After separation your finances won’t be in the same shape they were when you were part of a couple. You’ll still have your bills to pay, plus monthly Maintenance For Your Children, and have to do it all on a single income. So how do you work towards financial security in the future?
You’ll find that in many cases you’re starting from rock bottom, with barely enough money to scrape by, and budgeting each penny very carefully. You might well feel like you’re on a treadmill, and simply working to survive. But that’s the ideal time to start planning.
Put a little away every week, even if it’s only £5, in the highest interest savings account you can find. It’s money you should touch only in the event of an extreme emergency.
Be sure you make your credit card payments on time, even if you can only afford the minimum payment. Failure to do so can have an adverse effect on your credit rating which could have bad consequences in the future.
Make a Plan
Consider where you’d like to be financially in five, 10 or 20 years time. What will it take to achieve that? Be realistic about what it will take, and make a plan to get there. It might require being harsh with yourself, but as long as you have enough to cover your bills and get by, then it can be a workable idea.
If you come into extra money – overtime, a bonus, or even a bequest – place a large portion of it away in your a savings. When you reach a certain amount – £1,000, say – look around for a better opportunity for that money such as an investment plan like these from Scottish Friendly, where it mightl generate more money for you. Those opportunities vary, and the amount of return varies with the risk. Be conservative, and re-invest what you make.
As Time Passes
Saving can become a habit, and it's one well worth learning. However, financial security, even on a small scale, won’t happen overnight. But over the course of several years, if you manage your money wisely, you’ll find yourself on an even keel and moving ahead.
It’s never too early to think ahead to retirement, even if you’re still young. Once you have a cushion of money underneath you (the general advice is enough to sustain you for three to six months, in case of unemployment), you’d do well to think about ISAs and pensions. Read carefully before making any decisions, and invest only what you can comfortably afford; there’s no point in stretching yourself too thin now to assure your future, since you still have to live.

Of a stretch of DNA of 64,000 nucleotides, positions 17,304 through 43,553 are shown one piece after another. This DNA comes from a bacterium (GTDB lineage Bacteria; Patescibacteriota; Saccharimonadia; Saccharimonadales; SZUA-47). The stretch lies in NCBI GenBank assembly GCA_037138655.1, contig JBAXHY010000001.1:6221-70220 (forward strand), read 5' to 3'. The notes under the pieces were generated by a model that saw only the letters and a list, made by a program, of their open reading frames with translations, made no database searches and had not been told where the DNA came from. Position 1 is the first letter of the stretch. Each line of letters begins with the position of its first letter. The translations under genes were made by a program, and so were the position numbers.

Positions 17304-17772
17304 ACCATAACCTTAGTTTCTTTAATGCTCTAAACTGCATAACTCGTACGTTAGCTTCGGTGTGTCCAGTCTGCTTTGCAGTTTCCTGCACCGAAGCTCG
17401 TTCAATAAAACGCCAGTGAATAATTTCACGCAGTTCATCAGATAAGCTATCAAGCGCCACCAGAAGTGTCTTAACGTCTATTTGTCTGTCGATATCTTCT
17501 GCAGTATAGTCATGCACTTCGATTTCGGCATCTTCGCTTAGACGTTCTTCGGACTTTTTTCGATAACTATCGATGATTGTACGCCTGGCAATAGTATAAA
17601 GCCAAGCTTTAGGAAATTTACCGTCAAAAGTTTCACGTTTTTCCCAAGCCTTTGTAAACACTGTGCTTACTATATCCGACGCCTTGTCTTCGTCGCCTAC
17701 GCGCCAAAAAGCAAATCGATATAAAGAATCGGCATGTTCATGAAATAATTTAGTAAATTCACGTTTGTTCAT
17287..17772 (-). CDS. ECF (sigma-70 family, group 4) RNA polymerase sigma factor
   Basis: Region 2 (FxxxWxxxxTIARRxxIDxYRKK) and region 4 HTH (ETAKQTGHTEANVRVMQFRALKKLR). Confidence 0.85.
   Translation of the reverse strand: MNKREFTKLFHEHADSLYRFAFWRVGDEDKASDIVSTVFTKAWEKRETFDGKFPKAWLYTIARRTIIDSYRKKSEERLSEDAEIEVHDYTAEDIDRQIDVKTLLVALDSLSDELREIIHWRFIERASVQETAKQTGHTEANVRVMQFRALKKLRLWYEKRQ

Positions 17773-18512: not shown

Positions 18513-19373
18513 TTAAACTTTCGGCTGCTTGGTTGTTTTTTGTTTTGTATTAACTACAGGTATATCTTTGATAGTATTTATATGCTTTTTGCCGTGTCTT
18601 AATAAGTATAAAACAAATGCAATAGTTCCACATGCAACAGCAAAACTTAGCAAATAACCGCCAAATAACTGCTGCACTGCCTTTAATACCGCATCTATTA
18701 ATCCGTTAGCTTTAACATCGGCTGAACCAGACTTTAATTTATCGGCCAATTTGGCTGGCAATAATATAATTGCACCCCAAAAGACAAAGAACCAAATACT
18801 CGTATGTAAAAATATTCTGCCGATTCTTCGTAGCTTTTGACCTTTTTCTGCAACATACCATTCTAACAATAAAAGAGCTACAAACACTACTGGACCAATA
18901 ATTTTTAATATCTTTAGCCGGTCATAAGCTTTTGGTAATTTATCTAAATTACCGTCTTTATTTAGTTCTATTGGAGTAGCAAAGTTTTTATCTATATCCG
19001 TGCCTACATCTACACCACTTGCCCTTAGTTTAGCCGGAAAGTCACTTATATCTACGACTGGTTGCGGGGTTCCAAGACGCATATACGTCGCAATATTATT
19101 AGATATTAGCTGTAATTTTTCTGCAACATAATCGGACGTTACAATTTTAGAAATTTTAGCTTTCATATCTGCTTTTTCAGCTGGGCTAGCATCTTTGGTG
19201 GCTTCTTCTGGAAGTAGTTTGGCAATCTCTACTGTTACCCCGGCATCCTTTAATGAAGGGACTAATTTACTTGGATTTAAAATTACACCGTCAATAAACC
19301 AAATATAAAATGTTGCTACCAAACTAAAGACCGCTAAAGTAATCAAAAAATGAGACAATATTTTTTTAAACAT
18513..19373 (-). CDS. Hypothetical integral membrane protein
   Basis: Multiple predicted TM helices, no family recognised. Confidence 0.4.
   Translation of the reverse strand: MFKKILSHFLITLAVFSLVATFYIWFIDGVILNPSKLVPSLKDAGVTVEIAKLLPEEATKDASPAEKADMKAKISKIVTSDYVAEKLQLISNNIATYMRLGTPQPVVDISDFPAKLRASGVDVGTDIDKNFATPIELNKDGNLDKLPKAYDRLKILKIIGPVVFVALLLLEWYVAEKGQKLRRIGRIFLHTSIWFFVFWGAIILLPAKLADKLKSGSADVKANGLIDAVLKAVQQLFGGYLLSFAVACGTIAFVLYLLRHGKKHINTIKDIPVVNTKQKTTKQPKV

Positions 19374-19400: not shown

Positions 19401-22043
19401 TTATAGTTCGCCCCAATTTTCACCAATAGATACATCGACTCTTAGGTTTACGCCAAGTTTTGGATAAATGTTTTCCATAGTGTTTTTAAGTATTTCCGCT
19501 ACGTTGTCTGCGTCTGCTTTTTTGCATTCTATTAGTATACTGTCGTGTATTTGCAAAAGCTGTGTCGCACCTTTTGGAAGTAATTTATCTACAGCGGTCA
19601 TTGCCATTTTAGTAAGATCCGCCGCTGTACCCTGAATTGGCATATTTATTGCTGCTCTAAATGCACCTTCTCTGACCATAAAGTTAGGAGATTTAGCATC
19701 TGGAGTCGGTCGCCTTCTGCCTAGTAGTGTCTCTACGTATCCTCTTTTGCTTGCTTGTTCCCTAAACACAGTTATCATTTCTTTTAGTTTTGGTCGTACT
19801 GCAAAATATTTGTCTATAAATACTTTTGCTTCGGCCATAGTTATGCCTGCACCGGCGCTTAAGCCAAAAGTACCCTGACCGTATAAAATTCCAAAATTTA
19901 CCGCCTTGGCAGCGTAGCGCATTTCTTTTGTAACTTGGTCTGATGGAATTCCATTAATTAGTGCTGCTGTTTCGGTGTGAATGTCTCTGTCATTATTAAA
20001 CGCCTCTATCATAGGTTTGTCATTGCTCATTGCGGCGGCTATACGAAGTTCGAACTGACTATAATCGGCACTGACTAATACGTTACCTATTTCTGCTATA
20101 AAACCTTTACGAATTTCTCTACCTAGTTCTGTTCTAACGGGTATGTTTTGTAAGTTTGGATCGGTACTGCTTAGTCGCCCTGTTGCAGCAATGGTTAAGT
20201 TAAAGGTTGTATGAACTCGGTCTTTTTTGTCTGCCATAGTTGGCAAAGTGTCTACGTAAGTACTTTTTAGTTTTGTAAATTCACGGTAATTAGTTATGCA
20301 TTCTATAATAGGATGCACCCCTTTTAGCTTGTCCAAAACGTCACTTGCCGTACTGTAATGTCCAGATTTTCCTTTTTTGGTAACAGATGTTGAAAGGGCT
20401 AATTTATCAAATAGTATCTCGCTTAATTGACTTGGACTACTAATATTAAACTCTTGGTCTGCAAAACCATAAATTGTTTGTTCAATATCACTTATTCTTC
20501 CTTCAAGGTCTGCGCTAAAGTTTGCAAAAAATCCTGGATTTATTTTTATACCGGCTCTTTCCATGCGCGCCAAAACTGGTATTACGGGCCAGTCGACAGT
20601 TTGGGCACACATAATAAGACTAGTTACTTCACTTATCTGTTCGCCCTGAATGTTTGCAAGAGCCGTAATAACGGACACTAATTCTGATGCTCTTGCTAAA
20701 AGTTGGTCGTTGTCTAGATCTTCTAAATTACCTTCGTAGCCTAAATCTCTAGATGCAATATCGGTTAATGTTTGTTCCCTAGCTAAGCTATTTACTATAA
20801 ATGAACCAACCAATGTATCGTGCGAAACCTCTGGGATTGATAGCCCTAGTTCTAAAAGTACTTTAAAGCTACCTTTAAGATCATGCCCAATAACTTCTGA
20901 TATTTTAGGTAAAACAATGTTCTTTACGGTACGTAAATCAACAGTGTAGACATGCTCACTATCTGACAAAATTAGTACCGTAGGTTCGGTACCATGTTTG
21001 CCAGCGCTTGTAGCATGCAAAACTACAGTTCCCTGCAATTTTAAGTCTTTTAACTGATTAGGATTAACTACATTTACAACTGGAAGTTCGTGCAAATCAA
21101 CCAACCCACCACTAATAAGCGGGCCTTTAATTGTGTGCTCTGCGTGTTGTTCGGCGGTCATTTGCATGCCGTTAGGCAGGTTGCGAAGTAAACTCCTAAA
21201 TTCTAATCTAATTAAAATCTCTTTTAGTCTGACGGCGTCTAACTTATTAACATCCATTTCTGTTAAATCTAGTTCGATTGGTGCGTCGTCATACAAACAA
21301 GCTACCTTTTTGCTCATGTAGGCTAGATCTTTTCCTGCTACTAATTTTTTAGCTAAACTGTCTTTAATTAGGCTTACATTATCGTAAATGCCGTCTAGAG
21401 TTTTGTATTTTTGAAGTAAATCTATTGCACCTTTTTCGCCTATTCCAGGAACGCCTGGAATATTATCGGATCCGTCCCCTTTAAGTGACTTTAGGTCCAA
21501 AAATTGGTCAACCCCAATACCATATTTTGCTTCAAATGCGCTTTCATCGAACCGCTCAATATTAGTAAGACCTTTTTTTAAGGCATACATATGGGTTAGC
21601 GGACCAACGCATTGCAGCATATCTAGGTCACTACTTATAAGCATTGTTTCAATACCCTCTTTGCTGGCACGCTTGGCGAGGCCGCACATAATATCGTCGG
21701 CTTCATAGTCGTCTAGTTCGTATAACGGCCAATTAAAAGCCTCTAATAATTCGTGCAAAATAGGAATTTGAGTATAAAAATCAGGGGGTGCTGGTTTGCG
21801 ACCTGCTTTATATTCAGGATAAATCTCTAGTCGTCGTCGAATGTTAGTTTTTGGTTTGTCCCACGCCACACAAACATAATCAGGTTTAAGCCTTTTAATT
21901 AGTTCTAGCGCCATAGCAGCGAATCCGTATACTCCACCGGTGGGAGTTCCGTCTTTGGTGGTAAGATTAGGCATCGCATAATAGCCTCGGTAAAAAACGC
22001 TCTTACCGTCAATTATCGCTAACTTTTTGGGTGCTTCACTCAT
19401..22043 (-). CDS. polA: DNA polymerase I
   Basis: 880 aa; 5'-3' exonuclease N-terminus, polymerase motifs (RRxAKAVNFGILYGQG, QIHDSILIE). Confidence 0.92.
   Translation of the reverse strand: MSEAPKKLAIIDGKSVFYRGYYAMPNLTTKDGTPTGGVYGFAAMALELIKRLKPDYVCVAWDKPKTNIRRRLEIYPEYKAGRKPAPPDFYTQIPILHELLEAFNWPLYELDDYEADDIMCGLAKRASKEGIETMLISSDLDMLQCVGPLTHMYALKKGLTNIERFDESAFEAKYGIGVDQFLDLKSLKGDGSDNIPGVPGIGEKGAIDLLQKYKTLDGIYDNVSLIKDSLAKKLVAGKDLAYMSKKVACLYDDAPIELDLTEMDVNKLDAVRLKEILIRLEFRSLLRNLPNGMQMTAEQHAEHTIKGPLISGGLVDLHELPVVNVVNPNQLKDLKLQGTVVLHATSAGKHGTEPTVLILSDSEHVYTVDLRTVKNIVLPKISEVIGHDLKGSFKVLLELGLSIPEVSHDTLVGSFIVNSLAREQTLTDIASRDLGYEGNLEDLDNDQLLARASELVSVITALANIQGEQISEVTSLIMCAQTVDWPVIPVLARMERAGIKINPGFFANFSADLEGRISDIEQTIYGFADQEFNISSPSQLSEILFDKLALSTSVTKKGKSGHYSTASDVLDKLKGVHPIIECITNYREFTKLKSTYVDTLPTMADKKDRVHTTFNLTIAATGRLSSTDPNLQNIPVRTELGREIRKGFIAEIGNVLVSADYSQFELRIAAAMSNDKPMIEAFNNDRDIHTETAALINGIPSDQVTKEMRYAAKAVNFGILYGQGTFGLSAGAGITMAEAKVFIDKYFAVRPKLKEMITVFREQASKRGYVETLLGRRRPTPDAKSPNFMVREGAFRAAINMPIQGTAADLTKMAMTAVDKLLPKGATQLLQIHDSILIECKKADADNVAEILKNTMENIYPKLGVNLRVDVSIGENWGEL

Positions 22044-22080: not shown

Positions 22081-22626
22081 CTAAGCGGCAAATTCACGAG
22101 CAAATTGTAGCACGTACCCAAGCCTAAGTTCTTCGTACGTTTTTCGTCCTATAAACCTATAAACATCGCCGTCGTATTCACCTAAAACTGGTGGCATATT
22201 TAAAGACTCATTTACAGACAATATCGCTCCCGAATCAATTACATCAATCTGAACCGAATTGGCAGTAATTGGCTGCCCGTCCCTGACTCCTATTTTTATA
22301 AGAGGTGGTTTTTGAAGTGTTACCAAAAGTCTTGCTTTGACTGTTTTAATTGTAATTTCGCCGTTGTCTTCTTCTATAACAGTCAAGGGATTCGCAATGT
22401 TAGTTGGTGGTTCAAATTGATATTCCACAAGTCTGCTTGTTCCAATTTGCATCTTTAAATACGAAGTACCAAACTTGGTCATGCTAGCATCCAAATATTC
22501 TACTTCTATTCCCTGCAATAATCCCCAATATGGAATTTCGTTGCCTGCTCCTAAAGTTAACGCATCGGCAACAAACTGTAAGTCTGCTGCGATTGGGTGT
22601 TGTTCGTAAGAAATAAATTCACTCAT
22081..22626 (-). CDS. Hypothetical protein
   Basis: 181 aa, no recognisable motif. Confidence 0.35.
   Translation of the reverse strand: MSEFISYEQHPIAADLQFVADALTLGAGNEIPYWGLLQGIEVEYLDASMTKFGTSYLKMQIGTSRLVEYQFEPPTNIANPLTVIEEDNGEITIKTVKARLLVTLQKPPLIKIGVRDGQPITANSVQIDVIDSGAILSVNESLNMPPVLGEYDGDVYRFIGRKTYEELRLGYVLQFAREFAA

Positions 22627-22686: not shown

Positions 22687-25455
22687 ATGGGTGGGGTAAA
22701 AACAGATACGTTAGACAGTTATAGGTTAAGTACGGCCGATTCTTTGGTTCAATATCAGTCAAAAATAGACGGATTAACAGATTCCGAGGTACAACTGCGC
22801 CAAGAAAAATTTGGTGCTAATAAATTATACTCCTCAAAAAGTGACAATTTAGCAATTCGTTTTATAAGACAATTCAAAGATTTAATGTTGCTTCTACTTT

Keep to the practice of living within your means. It might be nice to own a new car, for example, but do you really need one? Think before you spend anything. Once you’ve paid off your credit cards, don’t take on any new ones, especially store cards, which generally carry a much higher rate of interest. Also, take advantage of deals to transfer existing balances and receive lower interest rates.
Reaping The Fruits
Your circumstances might change, for better or worse, so be willing to be flexible. If you meet a new long-term partner, then obviously your priorities will change a little. But whatever occurs, don’t lose your goal of financial security for yourself.
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My daughter aged 18 wants to go to university when she finishes at college next year, does my soon to be ex husband have to help out financially or does his responsibility end , or can I add this to my divorce settlement that he continues whilst she is at university, if not to me, but to her direct?
Every parent has the basic responsibility to provide for their child up until the age of 16, when they are legally allowed to leave school and get a job. After this age, it depends what your child chooses to do. If they continue in full-time non-advanced education not higher than A-level equivalent, for at least 12 hours a week, then maintenance payments will continue until your child finishes the course. However, you can apply through the divorce for your ex to continue to support your daughter (if she is living externally). The court may rule that your ex supports your daughter directly through her 'tertiary' education which is 3rd tier following on from secondary and can include university.